The New Jersey Supreme Court recently adopted a new test making it more difficult for New Jersey employers to classify workers as independent contractors. In a lawsuit brought by contract delivery drivers against a chain of mattress stores, the New Jersey Supreme Court unanimously held that an individual is presumed to be an employee under the New Jersey Wage Payment Law (“WPL”) and the New Jersey Wage and Hour Law (“WHL”) unless the employer demonstrates that all three criteria of the so-called “ABC test” had been satisfied. The ABC test is more restrictive than the FLSA’s “economic realities test” or the common law “right to control” test that are often used to determine independent contractor status. The case is Hargrove v. Sleepy’s, LLC.

Under the ABC test, an individual is presumed to be an employee unless an employer demonstrates that: (i) the employer neither exercised control over the worker, nor had the ability to exercise control in terms of the completion of the work; and (ii) the services provided were either outside the usual course of business or performed outside of all the places of business of the enterprise; and (iii) the individual has a profession/business that will plainly persist despite termination of the challenged relationship. If the employer cannot satisfy all of these three criteria, the worker in question is an employee and not an independent contractor.

The Court rejected well-established alternative tests, such as the FLSA’s “economic realities test” because, in the Court’s view, it is guided by six, non-determinative criteria that may yield a different result from case to case. In contrast, the “ABC test provides more predictability and may cast a wider net.” The Court also rejected the “right to control” test on the basis that it was designed for utilization in tort cases and is “incompatible with the [WPL and WHL] legislative purpose of insuring income security to wage earners.”

Since the Court’s ruling was a response to a certified question from the 3rd Circuit Court of Appeals, the merits of the plaintiffs’ claims under the WPL and the WHL will be decided by the 3rd Circuit under the ABC test. We will continue to track this case and provide updates as they occur. 

Practical impact

Disgruntled contract workers, unions, and worker advocates now have greater opportunities to pursue wage-and-hour and wage-payment claims in New Jersey.

By shifting the burden of proof and adopting a restrictive standard for determining independent contractor status, it is now more likely that New Jersey employers will be held liable for misclassifying individuals as independent contractors. Also, as it is common for businesses using a contractor model to engage many individuals to perform certain services as independent contractors, this ruling heightens the possibility of wage-and-hour class actions against such employers, and increased audit and enforcement activity by the New Jersey Department of Labor.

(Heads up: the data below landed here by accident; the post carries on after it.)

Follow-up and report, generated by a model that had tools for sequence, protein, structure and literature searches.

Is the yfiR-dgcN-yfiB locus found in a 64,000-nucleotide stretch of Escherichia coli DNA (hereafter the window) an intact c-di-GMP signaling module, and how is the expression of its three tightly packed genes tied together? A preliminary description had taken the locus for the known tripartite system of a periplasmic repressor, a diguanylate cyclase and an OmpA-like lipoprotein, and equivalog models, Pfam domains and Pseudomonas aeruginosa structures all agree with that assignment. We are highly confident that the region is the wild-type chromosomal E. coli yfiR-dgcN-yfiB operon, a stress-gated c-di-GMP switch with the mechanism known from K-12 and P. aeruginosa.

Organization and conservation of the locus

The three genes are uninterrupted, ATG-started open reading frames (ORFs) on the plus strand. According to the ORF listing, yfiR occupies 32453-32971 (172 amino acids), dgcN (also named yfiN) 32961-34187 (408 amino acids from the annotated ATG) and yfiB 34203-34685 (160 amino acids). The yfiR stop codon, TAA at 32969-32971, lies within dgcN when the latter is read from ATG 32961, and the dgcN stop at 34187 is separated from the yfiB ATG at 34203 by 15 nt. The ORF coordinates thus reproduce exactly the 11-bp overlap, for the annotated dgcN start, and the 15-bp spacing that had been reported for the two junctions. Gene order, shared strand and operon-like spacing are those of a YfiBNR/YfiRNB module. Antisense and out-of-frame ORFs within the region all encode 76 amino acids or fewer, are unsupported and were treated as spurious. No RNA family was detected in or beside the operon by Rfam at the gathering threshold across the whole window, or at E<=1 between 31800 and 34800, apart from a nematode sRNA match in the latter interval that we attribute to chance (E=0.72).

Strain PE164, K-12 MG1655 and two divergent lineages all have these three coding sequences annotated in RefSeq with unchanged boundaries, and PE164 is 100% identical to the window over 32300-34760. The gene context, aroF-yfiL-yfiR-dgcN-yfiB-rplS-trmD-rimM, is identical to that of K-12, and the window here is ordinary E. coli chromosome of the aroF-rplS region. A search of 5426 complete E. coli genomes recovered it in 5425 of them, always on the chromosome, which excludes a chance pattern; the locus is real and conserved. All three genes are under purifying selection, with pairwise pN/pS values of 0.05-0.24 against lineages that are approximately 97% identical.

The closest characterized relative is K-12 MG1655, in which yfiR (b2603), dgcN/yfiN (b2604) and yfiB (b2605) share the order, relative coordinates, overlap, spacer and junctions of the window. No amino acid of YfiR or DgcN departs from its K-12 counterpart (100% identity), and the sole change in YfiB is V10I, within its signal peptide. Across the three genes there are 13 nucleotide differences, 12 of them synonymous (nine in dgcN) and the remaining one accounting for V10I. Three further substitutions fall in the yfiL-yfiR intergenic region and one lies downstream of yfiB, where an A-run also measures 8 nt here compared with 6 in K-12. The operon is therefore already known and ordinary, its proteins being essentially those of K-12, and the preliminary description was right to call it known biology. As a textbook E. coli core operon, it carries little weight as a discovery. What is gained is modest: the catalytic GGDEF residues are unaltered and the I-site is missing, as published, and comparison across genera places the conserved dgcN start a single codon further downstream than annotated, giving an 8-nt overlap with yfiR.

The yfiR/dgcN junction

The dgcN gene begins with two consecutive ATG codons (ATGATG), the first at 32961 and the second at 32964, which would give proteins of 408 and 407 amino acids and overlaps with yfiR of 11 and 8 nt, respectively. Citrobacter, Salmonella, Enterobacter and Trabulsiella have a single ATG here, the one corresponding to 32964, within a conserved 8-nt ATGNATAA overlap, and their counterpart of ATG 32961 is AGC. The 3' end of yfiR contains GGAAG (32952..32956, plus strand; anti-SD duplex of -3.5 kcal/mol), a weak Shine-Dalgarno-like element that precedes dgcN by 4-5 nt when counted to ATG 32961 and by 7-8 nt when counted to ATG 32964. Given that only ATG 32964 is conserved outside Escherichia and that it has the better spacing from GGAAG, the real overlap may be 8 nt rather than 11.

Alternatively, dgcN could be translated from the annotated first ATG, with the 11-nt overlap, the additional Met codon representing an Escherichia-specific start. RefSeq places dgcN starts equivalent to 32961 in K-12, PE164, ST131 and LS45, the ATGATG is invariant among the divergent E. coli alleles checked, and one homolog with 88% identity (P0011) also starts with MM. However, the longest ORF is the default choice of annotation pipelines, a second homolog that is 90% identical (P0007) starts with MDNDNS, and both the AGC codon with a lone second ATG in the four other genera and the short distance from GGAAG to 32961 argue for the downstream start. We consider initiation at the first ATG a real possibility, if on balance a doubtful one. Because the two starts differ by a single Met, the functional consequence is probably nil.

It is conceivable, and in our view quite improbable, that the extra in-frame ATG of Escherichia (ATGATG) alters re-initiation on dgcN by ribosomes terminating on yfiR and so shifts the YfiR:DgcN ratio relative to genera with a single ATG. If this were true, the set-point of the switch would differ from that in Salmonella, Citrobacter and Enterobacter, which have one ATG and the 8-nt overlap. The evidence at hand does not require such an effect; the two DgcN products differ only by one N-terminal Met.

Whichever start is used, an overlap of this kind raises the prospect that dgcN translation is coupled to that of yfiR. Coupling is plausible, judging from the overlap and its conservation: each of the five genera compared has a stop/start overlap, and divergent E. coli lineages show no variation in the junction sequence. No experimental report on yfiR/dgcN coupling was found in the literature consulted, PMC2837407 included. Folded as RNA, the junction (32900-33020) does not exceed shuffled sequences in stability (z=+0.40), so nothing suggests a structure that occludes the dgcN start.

The consequences of employment misclassification in one area can implicate a variety of other employment-related matters, including, but not limited to, entitlement to workers’ compensation, unemployment insurance and disability benefits, the right to collectively organize and seek remedies under the NLRA, eligibility for FMLA and other types of statutory leave, eligibility for employer-provided benefits such as health insurance, eligibility for protection under wage payment laws, eligibility for overtime pay, and tax withholding obligations.

Given these issues, employers that engage individual independent contractors in New Jersey—especially multi-state employers that currently classify workers under the FLSA’s “economic realities test”—must be aware that such classifications may not withstand scrutiny under the ABC test. Thus, multi-state employers should decide whether to apply the most restrictive criteria uniformly or only in jurisdictions such as New Jersey that reject the FLSA’s standard.  

Proactive risk management is necessary to ensure compliance with the ABC test. First, check and correct classifications of your employees and independent contractors. Second, review your independent contractor agreements to make certain that they explicitly set forth the terms of the working relationship. Third, supervisors and other management-level employees should be trained with respect to the level of control they may exert over individuals classified as independent contractors to ensure that they comply with the terms of the independent contractor agreements.